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HONG KONG — Asian stocks were mixed Friday with the yen moved between gains and losses after the latest update on inflation bolstered Wall Street's belief that relief on interest rates may come as soon as September.

U.S. futures were mixed and oil prices rose.

The USD/JPY currency dropped 2.1% overnight and traded as low as 157.43, fueling speculation that Japanese authorities may have intervened to amplify the impact of the dovish US inflation data.

On Friday, the U.S. dollar rose to 159.26 Japanese yen from 158.80 yen.

Tokyo's Nikkei 225 index lost 2% to 41,388.92.

Hong Kong's Hang Seng index climbed 1.9% to 18,165.33 while the Shanghai Composite index was down 0.2% to 32,965.52 after data showed that China's exports increased by 8.6% in June, better than the market expectation.

Australia's S&P/ASX 200 was up 0.8% to 7,952.20. South Korea's Kospi slipped 1.2% to 2,857.11.

Elsewhere, Bangkok's SET edged less than 0.1% higher. Taiwan's Taiex declined 2%, with Taiwan Semiconductor losing 3.7% in morning trading. The company earlier said that its revenue climbed nearly 33% in June compared with the same period last year.

Such a trend followed the overnight trading at Wall Street, where four out of every five stocks in the S&P 500 index climbed, though pullbacks for Nvidia, Microsoft and a handful of other highly influential companies masked that underlying strength. Those giants have been the market's biggest winners amid a frenzy around artificial-intelligence technology, causing critics to say they had become too pricey, and they helped drag the S&P 500 down 0.9% from its all-time high set a day before.

The drops for Big Tech stocks also pulled the Nasdaq composite down 2% from its own record. The drops broke seven-day winning streaks for both the S&P 500 and Nasdaq composite. The Dow Jones Industrial Average, which has less of an emphasis on tech, rose 32 points, or 0.1%.

The direction was decidedly upward for the majority of stocks on Wall Street, particularly housing-related companies, real-estate owners and others that benefit from easier interest rates. SBA Communications, which owns towers and other sites used for wireless communications infrastructure, jumped 7.5% for the biggest gain in the S&P 500.

The day's action was even stronger in the bond market, where yields tumbled as traders built bets for the Federal Reserve to soon begin lowering its main interest rate. It's been sitting for nearly a year at its highest level in more than two decades.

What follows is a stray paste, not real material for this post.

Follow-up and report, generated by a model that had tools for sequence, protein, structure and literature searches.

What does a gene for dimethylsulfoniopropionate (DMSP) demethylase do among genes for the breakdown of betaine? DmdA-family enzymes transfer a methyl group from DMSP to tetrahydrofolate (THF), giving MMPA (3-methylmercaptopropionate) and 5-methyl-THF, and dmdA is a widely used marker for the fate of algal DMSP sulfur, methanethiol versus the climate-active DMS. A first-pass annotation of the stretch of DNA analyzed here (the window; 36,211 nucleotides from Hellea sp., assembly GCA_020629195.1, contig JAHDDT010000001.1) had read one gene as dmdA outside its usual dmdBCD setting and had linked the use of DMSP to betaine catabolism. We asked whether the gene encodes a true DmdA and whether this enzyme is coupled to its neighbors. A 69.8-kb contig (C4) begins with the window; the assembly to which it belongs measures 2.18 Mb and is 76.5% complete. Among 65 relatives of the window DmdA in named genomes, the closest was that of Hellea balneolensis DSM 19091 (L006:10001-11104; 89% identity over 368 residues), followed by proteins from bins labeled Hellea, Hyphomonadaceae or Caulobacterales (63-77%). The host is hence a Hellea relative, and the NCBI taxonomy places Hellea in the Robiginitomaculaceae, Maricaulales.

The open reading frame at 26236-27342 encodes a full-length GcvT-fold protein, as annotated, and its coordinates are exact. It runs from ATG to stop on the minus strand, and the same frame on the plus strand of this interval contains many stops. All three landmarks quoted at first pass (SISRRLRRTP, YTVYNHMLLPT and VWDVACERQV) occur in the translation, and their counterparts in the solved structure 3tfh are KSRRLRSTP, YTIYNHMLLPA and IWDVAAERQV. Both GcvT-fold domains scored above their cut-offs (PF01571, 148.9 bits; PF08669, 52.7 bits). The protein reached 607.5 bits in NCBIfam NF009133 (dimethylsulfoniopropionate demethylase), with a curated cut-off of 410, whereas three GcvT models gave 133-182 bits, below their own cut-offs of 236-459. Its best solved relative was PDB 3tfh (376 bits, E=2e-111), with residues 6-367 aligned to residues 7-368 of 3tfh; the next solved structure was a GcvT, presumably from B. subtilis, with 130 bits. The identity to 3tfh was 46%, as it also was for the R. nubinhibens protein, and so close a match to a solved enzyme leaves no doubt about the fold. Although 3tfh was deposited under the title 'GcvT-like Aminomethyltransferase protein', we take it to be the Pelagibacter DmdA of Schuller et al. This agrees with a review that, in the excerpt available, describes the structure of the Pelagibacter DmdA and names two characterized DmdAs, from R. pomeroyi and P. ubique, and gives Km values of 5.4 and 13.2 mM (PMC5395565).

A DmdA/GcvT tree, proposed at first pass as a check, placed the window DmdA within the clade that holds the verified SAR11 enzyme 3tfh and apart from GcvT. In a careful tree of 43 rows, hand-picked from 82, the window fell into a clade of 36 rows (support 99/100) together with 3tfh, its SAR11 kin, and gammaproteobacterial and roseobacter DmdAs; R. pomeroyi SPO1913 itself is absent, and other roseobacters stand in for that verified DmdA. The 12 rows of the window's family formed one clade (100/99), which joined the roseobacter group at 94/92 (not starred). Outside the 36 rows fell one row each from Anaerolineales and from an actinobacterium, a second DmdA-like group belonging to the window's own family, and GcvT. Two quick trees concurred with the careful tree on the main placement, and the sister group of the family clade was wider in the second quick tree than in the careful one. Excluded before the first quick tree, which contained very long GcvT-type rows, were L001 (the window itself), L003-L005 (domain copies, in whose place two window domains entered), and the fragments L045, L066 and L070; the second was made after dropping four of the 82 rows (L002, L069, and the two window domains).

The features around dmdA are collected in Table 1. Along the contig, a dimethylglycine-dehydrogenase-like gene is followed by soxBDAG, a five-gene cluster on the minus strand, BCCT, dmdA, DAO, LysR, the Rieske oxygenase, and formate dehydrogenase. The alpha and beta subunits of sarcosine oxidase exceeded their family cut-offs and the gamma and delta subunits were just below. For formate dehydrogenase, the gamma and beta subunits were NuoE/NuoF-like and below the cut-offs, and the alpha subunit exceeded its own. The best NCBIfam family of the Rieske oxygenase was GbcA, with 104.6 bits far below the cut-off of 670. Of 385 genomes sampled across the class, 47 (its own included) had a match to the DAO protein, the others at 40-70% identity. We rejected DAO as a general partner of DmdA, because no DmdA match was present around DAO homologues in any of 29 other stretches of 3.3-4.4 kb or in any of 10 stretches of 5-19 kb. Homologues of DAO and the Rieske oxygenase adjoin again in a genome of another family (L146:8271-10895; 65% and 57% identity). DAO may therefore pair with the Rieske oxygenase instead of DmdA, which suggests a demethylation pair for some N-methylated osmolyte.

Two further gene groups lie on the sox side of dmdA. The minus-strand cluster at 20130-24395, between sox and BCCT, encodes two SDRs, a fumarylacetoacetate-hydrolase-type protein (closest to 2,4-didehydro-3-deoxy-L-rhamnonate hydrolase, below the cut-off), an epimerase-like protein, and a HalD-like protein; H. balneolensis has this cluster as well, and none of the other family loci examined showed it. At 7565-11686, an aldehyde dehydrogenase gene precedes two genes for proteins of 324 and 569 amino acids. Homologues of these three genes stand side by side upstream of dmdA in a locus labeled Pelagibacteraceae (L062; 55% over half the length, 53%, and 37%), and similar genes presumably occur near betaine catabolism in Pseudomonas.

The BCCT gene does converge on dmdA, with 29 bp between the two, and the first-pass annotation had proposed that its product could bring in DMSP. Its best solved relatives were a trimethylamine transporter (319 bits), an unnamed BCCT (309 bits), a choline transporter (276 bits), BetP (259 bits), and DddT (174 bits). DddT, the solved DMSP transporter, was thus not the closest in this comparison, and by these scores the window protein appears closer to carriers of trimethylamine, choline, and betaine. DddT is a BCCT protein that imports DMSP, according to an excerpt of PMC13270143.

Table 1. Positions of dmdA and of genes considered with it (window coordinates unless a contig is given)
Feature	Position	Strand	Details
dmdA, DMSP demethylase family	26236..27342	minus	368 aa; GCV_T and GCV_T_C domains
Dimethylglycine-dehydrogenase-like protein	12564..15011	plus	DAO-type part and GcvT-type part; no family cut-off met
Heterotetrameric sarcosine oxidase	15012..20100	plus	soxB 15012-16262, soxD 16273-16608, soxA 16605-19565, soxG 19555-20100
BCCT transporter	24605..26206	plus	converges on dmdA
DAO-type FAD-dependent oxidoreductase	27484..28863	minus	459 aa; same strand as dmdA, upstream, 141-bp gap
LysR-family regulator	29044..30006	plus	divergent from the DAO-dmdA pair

Wall Street wants lower interest rates to release pressure that's built up on the economy because of how expensive it's become to borrow money to buy houses, cars or anything on credit cards. Fed officials, though, have been saying they want to see ''more good data'' on inflation before making a move.

Wall Street saw Thursday's report, which showed milder price increases than expected from a year earlier for gasoline, cars and other things U.S. consumers bought during June, as providing just that.

Following the report's release, Treasury yields tumbled immediately. The yield on the 10-year Treasury dropped to 4.20% from 4.28% late Wednesday and from 4.70% in April. That's a major move for the bond market and provides a big lift for stock prices.

Lower yields helped real-estate owners and utilities lead the way in the stock market. Falling bond yields make those stocks' relatively high dividends more attractive to investors seeking income.

Real-estate investment trusts in the S&P 500, including SBA Communications, jumped 2.7% for the biggest gain among the 11 sectors that make up the index. Utility stocks were close behind with a gain of 1.8%.

Homebuilders were also strong on hopes that lower mortgage rates will juice the industry. D.R. Horton climbed 7.3%, and Lennar rose 6.9% for some of the biggest gains in the S&P 500. Mohawk Industries, which makes flooring for homes, jumped 7.4%.

All told, the S&P 500 fell 0.9% to 5,584.54. The Dow rose 0.1% to 39,753.75, and the Nasdaq composite dropped 2% to 18,283.41.

In other dealings, U.S. benchmark crude oil gained 31 cents to $82.93 per barrel in electronic trading on the New York Mercantile Exchange.

Brent crude, the international standard, picked up 21 cents to $85.61 per barrel.

The euro rose to $1.0869 from $1.0865.